Underground in the Aether is a one-day symposium responding to the themes of collectivity, selfhood, and communication circuits in the exhibition Hank Bull: Connexion. It will take place Saturday, April 8 at VIVO Media Art Centre, as the closing event for Spring Fever: Vancouver Independent Archives 2017.
Assembling speakers from across Canada, the United States and Europe, Underground in the Aether launches itself into the entanglements of technology, fantasy and sociality as engaged by an informal and international community of artists from the 1960s to present day.
Seizing upon the terminology behind our present network economy, keynote speaker Hannah B. Higgins, Professor of Art History, University of Illinois (Chicago), presents “Aether/Or: The Place of Things and Beings in the Eternal Network,” proposing a rehabilitation of these terms following their use by artists in the 1960s. Presentations by Vincent Bonin (Montreal), Allison Collins (Vancouver), Luis Jacob (Toronto), Jee-Hae Kim (University of Cologne) and Felicity Tayler (University of Toronto), will respectively investigate the stakes and sources behind artists’ turn to the imaginary during times of crisis, how forms, identities and communities are transmuted as they circulate through networks, and how artists’ subcultures convened within mainstream and national communications circuits.
With the underground transposed into the aether all is up in the air: upturned and diffuse, yet also aloft, unfixed and in movement. Together these presentations look to artists' practices as a means to consider possible ways of living in and through mediation today.
Aether/Or: The Place of Things and Beings in the Eternal Network
Underground in the Aether evokes a simultaneously schematic and poetic framework. The non- commercial art world (the underground) has been characterized by a process of the dematerialization of art (an ether) since the 1960s. This underground has thrived for a half century through a highly adaptive, non-hierarchical, informal system of artists. In 1968, French poet Robert Filliou called this informal system the Eternal Network. Other artists at the time called it Intermedia, Fluxus, Happenings, the New York Correspondence School, and Mail Art. In the intervening decades, however, the language of international global networks of information culture has been appropriated and monetized by corporate capital. In both contexts (the art world and industry), the common language about networks (their flatness, their universality, their adaptability in space and time), obscures specificities of location, historical processes, and personhood. This homogenizing process creates distortions with regard to center and periphery, even as the language of networks seems to promote inclusion. By exploring the ‘the place of things and beings in the Eternal Network’ of the art counterculture in the 1960s, this talk performs an archeology of terms and praxis that rehabilitates the language for continued use.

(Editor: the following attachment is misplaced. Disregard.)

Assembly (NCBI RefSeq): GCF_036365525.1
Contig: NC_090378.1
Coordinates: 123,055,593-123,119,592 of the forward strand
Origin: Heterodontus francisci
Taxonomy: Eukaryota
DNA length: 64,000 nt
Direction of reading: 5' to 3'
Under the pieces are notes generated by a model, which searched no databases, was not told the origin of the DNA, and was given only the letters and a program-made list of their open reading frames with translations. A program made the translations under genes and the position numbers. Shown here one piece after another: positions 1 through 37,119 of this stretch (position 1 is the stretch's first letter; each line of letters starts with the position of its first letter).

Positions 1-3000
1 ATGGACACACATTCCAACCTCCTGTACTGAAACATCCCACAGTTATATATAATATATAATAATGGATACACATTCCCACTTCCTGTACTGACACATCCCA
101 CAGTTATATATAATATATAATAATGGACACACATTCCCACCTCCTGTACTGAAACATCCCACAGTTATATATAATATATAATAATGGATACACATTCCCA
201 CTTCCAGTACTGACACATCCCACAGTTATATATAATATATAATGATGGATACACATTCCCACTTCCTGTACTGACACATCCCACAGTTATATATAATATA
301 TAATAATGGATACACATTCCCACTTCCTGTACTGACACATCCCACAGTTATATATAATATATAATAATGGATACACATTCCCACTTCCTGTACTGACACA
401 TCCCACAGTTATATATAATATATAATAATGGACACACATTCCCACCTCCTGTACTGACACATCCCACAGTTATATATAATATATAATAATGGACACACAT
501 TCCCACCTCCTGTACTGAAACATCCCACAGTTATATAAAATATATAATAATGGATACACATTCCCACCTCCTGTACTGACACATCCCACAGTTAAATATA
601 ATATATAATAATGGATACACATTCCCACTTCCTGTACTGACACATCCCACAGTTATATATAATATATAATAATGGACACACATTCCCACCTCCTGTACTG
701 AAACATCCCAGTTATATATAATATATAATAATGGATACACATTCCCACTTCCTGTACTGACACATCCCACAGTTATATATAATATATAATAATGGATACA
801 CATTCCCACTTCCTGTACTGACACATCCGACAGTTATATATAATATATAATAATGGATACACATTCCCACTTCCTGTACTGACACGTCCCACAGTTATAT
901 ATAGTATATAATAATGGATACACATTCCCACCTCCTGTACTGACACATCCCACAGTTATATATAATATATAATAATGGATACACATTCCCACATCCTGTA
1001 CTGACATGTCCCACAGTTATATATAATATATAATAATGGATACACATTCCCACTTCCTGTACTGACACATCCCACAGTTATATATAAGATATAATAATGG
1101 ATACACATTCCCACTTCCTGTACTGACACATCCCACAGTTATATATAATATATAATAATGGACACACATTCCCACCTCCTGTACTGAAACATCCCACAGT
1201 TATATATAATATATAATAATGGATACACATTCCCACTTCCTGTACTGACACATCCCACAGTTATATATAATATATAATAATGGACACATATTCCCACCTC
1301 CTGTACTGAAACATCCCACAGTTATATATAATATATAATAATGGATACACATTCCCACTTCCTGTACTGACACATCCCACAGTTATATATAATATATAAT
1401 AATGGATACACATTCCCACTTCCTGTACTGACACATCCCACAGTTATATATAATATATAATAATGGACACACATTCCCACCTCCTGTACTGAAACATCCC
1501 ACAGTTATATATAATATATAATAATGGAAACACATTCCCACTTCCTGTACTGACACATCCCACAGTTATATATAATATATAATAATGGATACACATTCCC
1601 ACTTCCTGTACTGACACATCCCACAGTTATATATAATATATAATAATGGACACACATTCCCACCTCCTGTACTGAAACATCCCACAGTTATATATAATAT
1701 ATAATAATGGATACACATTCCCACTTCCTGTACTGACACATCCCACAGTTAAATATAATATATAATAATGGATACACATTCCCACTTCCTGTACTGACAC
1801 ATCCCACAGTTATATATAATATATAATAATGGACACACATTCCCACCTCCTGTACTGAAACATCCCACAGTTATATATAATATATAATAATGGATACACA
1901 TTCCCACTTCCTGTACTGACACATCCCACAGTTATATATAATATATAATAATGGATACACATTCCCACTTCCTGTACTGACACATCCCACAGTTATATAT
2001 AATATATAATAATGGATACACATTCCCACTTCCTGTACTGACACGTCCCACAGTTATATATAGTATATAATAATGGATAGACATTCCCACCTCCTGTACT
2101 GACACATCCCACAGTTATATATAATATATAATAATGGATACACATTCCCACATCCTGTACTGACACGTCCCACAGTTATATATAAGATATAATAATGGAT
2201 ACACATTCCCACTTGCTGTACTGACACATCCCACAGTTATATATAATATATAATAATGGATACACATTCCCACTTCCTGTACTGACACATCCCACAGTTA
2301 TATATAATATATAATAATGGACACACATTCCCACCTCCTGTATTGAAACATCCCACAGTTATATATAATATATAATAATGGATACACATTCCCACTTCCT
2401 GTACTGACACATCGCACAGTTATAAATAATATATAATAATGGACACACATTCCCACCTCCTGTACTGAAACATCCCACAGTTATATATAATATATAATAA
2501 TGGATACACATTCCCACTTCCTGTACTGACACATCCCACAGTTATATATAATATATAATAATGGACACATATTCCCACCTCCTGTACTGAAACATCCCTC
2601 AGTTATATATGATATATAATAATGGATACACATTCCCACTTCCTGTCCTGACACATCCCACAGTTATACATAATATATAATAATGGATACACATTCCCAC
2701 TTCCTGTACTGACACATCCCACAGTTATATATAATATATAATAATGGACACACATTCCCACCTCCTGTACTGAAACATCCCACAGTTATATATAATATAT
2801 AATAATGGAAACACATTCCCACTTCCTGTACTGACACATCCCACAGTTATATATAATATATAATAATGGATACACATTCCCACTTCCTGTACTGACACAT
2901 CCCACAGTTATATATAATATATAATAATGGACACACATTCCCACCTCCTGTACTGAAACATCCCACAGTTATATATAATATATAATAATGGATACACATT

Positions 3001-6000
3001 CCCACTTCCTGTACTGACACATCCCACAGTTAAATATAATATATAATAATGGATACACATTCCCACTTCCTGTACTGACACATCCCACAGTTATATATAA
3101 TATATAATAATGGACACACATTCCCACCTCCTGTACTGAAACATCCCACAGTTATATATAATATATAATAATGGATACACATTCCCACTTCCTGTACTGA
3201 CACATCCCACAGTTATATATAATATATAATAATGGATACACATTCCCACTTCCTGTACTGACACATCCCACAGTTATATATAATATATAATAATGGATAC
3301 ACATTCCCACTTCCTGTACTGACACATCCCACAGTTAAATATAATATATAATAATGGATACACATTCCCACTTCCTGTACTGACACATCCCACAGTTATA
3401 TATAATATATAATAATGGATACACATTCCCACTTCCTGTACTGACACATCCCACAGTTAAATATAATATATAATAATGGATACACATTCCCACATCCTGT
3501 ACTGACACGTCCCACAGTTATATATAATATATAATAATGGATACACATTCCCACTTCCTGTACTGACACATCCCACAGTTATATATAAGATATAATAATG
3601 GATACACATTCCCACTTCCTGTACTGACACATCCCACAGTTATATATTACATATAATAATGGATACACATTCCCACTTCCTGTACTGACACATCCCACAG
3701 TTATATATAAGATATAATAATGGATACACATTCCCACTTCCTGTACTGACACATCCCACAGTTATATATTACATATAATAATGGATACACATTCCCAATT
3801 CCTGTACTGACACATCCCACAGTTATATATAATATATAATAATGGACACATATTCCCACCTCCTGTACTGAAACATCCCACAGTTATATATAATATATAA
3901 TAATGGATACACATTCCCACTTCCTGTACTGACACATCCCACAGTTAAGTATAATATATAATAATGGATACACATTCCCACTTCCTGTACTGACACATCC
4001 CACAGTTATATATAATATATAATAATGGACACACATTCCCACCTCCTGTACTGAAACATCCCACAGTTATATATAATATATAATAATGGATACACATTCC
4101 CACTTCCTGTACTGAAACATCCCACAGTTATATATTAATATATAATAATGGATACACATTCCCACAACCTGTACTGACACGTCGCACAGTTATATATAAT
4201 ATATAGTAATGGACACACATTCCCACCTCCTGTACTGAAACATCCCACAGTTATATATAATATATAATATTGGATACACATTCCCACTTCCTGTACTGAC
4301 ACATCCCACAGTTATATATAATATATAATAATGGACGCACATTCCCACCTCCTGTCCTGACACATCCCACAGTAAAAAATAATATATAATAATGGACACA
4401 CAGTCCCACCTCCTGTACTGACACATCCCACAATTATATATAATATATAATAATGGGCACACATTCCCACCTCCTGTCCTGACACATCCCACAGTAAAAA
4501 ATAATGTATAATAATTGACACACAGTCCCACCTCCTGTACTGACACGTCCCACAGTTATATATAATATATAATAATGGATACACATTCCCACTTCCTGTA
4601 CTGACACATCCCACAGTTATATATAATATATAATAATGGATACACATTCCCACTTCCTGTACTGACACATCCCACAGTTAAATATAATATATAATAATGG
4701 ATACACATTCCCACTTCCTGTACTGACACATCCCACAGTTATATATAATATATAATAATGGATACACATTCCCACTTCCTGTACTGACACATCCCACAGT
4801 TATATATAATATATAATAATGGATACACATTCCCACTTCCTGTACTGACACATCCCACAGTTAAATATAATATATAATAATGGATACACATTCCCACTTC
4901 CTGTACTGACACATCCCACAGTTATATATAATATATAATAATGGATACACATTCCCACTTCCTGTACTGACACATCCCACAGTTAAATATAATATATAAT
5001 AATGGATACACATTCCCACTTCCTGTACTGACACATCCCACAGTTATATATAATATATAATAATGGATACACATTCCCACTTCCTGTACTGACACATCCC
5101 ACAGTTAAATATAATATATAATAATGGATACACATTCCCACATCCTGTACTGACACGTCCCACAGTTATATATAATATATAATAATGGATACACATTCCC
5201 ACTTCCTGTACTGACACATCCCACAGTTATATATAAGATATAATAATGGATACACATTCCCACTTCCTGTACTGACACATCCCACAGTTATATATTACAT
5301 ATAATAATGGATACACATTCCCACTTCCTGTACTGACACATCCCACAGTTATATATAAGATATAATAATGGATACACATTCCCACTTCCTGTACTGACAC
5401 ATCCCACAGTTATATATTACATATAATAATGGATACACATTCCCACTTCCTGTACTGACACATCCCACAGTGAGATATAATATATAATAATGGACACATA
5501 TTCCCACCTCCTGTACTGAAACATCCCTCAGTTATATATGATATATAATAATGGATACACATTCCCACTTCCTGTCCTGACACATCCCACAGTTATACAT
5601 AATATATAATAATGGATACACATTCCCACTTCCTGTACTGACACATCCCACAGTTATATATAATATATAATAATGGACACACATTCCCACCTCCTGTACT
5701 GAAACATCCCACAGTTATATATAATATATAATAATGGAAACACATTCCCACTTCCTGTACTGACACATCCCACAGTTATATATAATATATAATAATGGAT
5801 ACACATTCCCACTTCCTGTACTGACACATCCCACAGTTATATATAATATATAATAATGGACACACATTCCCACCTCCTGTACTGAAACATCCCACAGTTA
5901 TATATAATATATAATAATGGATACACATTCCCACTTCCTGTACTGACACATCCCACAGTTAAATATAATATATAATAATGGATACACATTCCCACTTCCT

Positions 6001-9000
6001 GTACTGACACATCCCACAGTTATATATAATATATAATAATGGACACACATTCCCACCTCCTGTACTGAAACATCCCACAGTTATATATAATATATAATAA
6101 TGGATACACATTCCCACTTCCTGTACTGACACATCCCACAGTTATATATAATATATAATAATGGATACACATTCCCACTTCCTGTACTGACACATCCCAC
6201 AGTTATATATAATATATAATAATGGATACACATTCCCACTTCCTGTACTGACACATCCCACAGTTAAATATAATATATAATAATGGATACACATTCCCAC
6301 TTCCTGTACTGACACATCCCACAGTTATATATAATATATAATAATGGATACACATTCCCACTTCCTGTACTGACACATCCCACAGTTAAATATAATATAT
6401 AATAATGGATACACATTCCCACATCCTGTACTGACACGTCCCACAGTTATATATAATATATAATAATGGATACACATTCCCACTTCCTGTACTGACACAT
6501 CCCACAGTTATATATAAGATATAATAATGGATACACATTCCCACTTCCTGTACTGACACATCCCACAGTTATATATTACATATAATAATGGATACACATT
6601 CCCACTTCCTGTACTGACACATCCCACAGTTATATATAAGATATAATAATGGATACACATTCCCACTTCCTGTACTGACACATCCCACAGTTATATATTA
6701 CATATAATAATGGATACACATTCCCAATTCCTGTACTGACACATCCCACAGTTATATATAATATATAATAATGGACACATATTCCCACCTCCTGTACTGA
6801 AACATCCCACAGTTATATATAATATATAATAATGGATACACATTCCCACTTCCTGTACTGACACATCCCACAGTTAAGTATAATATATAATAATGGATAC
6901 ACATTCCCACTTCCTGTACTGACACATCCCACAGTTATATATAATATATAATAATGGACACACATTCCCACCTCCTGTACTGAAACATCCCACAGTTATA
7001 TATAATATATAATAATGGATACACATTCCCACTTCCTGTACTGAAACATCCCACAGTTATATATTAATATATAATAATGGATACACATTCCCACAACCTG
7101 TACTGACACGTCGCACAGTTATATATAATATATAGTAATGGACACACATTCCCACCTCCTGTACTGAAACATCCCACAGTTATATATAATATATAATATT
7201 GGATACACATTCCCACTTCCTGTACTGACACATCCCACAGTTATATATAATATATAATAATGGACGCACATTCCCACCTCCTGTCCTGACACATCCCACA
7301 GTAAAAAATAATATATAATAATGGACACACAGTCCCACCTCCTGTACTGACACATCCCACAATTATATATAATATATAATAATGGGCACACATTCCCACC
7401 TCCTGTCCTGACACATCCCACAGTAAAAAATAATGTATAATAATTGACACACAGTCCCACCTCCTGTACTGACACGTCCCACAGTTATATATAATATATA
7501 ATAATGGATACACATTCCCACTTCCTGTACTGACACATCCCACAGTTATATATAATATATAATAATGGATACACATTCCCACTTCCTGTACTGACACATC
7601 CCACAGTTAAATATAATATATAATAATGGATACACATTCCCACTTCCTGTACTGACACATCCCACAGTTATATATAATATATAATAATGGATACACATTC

Badiou meets Filliou
We can gather from the curators’ statements and some artists’ works in the exhibition Vancouver Special: Ambivalent Pleasures (Vancouver Art Gallery), that there is a recent surge of interest in the imaginary as a rubric to renew autonomy during a time of economical over-determination. At first, it seems that artists’ reinvestment in surrealist tropes is an escape attempt to distance themselves discursively from methods of analysis based on the understanding that the imaginary in psychoanalysis is always tethered to the symbolic and the real. Although a politic of representation is still at play, cultural misrecognition and value attribution, at the core of the making of so many critical works in Vancouver, seem to no longer represent the starting points of these practices.
Concurrently on view in neighbouring Burnaby is Hank Bull: Connexion (Burnaby Art Gallery). Bull is one among many local artists closely associated with a loose international network whose common project in the 1970s through 1980s was to rehabilitate the vocabulary and subject positions of the historical avant-gardes. During a period less economically depressed than today, they played with signs and myths in order to carve out an imaginary space of autonomy for the establishment of “institutions of the possible.” In this presentation, I will suggest how methodologies can intersect to reappraise these utopias of the recent past and understand a “return” of the imaginary in contemporary art.